YouKnowIGotSoul: A lot of R&B veterans such as Donell Jones, Jon B and Ginuwine have all co-signed you. What do you think they see in your talents?
Jacquees: I think they see the thing they saw in themselves, if not more.
YouKnowIGotSoul: Last week you posted basically every male R&B artist on your Instagram to shout them out which is rare because most young artists don’t pay homage to the previous generations.
Jacquees: Yeah, I pay homage and some people respect it.
YouKnowIGotSoul: What do these legends mean to you?
Jacquees: They mean a lot because they molded me. Everybody got molded from something and everyone comes from somewhere. Some of the guys are really a big influence on me. Some weren’t really a big influence, but I knew it had to be some type of influence because I heard their music growing up. It was a lot young dudes that wanted to be just like them.
YouKnowIGotSoul: Who are your top Kings of R&B?
Jacquees, Michael Jackson, Chris Brown, R. Kelly, Usher, Boyz II Men and Jodeci.
YouKnowIGotSoul: It seems like you’re proud being just an R&B artist. We haven’t seen you calling yourself a Hip Hop artist. What makes you so proud?
Jacquees: Well I’m not going to say I just want to be an R&B artist, but I’m just a master at my craft. You know how Jordan went to go play baseball, but he was that nigga in basketball? I’ll go make albums with Birdman called “Lost at Sea” and we’re working on the third one now. I’ll dibble and dabble into that. I can do my thing for sure, but I’m not going to stand up and call myself a rapper. Nah I’m not going to do that, but if you ever hear me on a rap song, don’t ever be surprised to hear me snap on that motherfucker.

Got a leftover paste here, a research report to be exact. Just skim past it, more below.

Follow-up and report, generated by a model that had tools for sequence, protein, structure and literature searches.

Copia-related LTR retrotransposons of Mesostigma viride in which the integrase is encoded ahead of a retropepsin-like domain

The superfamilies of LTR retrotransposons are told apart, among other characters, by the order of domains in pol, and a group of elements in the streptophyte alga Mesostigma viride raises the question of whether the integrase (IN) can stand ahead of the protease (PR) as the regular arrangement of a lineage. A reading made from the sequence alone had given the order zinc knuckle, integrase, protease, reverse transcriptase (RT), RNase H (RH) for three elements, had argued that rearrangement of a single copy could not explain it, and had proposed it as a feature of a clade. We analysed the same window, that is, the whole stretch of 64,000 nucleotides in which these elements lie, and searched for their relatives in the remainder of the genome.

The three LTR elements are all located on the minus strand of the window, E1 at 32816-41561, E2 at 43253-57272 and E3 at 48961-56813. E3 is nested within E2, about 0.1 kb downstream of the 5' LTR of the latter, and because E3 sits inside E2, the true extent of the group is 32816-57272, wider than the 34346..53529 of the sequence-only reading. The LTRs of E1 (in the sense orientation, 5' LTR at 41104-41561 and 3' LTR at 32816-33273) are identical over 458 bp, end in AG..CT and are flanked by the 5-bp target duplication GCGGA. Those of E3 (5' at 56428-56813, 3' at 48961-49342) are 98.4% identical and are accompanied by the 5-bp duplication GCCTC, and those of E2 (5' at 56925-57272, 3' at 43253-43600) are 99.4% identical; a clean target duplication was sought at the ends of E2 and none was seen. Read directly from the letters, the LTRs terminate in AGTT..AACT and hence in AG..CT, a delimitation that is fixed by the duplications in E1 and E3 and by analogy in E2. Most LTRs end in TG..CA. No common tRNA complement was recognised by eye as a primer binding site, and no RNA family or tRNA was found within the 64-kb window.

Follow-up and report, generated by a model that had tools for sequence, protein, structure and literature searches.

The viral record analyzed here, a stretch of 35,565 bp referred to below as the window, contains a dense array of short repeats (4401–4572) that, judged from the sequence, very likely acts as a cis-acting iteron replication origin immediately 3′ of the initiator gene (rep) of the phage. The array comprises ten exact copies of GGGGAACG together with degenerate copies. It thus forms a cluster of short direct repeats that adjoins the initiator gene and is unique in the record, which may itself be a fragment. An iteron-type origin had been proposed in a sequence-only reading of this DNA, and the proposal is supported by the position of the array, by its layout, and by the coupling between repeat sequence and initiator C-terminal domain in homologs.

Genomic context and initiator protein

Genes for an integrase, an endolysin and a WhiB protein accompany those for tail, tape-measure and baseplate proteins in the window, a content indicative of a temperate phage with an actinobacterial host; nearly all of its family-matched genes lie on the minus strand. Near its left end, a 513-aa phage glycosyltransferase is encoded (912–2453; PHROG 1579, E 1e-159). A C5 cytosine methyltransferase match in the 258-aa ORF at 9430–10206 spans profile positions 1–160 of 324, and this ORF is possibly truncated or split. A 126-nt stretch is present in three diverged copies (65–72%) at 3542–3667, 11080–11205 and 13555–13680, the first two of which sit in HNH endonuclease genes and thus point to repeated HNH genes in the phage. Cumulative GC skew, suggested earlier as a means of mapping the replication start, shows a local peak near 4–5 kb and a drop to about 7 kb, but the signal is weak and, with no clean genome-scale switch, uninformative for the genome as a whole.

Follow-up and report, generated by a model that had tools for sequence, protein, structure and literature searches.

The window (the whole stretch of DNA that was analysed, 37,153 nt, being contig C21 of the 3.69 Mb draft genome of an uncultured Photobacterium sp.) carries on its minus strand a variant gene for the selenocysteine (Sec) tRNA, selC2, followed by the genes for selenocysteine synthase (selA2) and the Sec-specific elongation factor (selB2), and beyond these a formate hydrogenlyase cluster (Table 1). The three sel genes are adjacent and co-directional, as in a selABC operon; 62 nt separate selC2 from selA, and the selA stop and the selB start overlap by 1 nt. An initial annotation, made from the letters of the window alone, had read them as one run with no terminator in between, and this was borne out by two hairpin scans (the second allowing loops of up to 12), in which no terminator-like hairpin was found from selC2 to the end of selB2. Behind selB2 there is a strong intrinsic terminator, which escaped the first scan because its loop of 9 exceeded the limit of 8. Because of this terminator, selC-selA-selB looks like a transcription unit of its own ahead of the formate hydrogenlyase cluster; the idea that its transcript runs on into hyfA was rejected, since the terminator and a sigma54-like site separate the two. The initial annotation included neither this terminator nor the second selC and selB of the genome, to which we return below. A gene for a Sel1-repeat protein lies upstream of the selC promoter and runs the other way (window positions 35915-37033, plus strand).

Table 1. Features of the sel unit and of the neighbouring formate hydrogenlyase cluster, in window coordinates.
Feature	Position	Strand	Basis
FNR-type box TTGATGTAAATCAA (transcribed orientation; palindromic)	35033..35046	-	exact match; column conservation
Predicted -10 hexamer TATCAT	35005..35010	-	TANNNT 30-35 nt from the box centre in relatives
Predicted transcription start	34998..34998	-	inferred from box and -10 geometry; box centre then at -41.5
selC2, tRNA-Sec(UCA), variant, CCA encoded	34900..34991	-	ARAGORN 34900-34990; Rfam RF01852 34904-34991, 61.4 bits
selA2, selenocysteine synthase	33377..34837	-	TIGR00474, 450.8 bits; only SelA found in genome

YouKnowIGotSoul: The singles you have put out for this album have been predominately R&B. When we look at the landscape of mainstream music, it’s a lot of autotune and trap music. Is it tough to not be inspired by that and go that trendy route?
Jacquees: These dudes don’t really inspire me. No disrespect, but they don’t inspire me. I’m a fan of the music, but it’s not inspiring. It’s not like “Let me go make a song like that”.
YouKnowIGotSoul: You’ve been in the game since 2011 and maybe even before that. When people finally get a chance to listen to the new album “King Of R&B”, what do you want people to take away from it?
Jacquees: I want them to think about the time we’re in right now and think about everything from my generation. Go from there and judge me from there.